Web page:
To maximize availability, you must consistently manage, monitor, and troubleshoot your servers and applications. If a problem occurs, you must be able to react quickly so you can recover data and make it available as soon as possible. To help you monitor your Exchange 2003 organization, you could use the Exchange 2003 Management Pack for Microsoft Operations Manager.

For complete information about Exchange 2003 Management Pack, Microsoft Operations Manager, and other monitoring tools, see Implementing Software Monitoring and Error-Detection Tools.

To increase fault tolerance in your organization, you need to develop and implement a well-planned backup and recovery strategy. If you are prepared, you should be able to recover from most failures.

After considering measures to increase fault tolerance in your Exchange 2003 infrastructure, consider the following additional system-level best practices:

  • Safeguarding the physical environment of your servers   Take precautions to ensure that the physical environment is protected.

  • Security measures   Implement permissions practices, security patching, physical computer security, antivirus protection, and anti-spam solutions.

  • Message routing   Use fault tolerant network hardware and correctly configure your routing groups and connectors.

  • Use multiple physical sites   Protect data from site failures by mirroring data to one or more remote sites or implementing geoclustering to allow failover in the event of a site failure.

  • Operational procedures   Maintain and monitor servers, use standardized procedures, and test your disaster recovery procedures.

  • Laboratory testing and pilot deployments   Before deploying your messaging system in a production environment, test performance and scalability in laboratory and pilot environments.

To maintain the availability of your servers, you should maintain high standards for the environment in which the servers must run. To increase the longevity and reliability of your server hardware, consider the following:

  • Temperature and humidity   Install mission-critical servers in a room established for that purpose—specifically a room in which you can carefully control temperature and humidity. Computers perform best at approximately 70 degrees Fahrenheit (approximately 21 degrees Celsius). In an office setting, temperature is not usually an issue. However, consider the effects of a long holiday weekend in the summer with the air conditioning turned off.

  • Dust or contaminants   Where possible, protect servers and other equipment from dust and contaminants and check for dust periodically. Dust and other contaminants can cause components to short-circuit or overheat, which can cause intermittent failures. Whenever a server's case is open, quickly check to determine whether the unit needs cleaning. If so, check all the other units in the area.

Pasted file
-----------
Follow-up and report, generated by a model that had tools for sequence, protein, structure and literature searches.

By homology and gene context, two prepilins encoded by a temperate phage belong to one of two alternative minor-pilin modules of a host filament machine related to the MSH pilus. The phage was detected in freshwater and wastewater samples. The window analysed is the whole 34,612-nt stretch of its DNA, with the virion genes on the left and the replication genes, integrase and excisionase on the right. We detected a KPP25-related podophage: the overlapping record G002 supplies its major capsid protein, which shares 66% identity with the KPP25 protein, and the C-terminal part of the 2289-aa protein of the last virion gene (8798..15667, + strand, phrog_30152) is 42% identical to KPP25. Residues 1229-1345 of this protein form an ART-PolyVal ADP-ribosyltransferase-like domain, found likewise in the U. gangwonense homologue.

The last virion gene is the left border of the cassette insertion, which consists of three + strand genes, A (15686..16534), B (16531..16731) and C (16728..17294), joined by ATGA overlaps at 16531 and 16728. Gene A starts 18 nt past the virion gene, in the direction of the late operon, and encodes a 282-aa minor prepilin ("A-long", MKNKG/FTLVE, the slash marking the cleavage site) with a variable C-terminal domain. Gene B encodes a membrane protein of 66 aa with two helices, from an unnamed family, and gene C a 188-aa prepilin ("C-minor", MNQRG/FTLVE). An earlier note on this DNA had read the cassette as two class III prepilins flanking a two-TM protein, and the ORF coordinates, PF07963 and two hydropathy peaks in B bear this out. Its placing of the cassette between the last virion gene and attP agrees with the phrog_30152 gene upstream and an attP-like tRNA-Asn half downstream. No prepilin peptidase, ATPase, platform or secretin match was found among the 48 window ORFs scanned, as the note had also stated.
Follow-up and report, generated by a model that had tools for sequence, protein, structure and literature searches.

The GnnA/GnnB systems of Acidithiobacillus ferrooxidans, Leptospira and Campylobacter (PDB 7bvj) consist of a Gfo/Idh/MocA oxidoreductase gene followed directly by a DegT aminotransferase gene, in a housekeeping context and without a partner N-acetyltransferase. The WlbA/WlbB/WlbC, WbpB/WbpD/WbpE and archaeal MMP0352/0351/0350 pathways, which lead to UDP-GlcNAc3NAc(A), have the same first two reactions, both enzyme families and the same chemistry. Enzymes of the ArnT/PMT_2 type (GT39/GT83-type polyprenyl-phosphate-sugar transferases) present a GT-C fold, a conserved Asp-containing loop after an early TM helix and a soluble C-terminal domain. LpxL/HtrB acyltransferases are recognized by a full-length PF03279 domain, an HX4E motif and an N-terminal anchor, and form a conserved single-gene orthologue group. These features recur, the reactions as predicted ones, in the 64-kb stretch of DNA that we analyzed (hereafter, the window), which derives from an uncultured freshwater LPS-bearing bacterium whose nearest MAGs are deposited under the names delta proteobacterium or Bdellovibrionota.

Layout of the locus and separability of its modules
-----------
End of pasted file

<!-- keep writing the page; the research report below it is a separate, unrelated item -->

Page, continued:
• Power supplies   As with any disaster-recovery planning, planning for power outages is best done long before you anticipate outages and involves identifying resources that are most critical to the operation of your business. When possible, provide power from at least two circuits to the computer room and divide redundant power supplies between the power sources. Ideally, the circuits should originate from two sources that are external to the building. Be aware of the maximum amount of power a location can provide. It is possible that a location could have so many servers that there is not sufficient power for any additional servers. Consider a backup power supply for use in the event of a power failure in your computer center. It may be necessary to continue providing computer service to other buildings in the area or to areas geographically remote from the computer center. You can use uninterruptible power supply (UPS) units to handle short outages and standby generators to handle longer outages. When reviewing equipment that requires backup power during an outage, include network equipment, such as routers.

  • Maintenance of cables   To prevent physical damage to cables, make sure the cables are neat and orderly, either with a cable management system or tie wraps. Cables should never be loose in a cabinet, where they can be disconnected by mistake. If possible, make sure that all cables are securely attached at both ends. Also, make sure that pull-out, rack-mounted equipment has enough slack in the cables, and that the cables do not bind and are not pinched or scraped. Set up good pathways for redundant sets of cables. If you use multiple sources of power or network communications, try to route the cables into the cabinets from different points. This way, if one cable is severed, the other can continue to function. Do not plug dual power supplies into the same power strip. If possible, use separate power outlets or UPS units (ideally, connected to separate circuits) to avoid a single point of failure.

Security is a critical component to achieving a highly available messaging system. Although there are many security measures to consider, the following are some of the more significant:

  • Permission practices

  • Security patches

  • Physical security

  • Antivirus protection

  • Anti-spam solutions

For detailed information about these and other security measures, see the Exchange Server 2003 Security Hardening Guide.

Your routing topology is the basis of your messaging system. As a result, you must plan your routing topology with network, bandwidth, and geographical considerations in mind.

Routing describes how Exchange transfers messages from one server to another. When planning your routing topology, you must understand how messages are transferred within Exchange and then plan a topology for the most efficient transfer of messages. You must also plan the locations of connectors to messaging systems outside your Exchange organization. Careful planning can reduce the volume of network traffic and optimize Exchange and Windows services.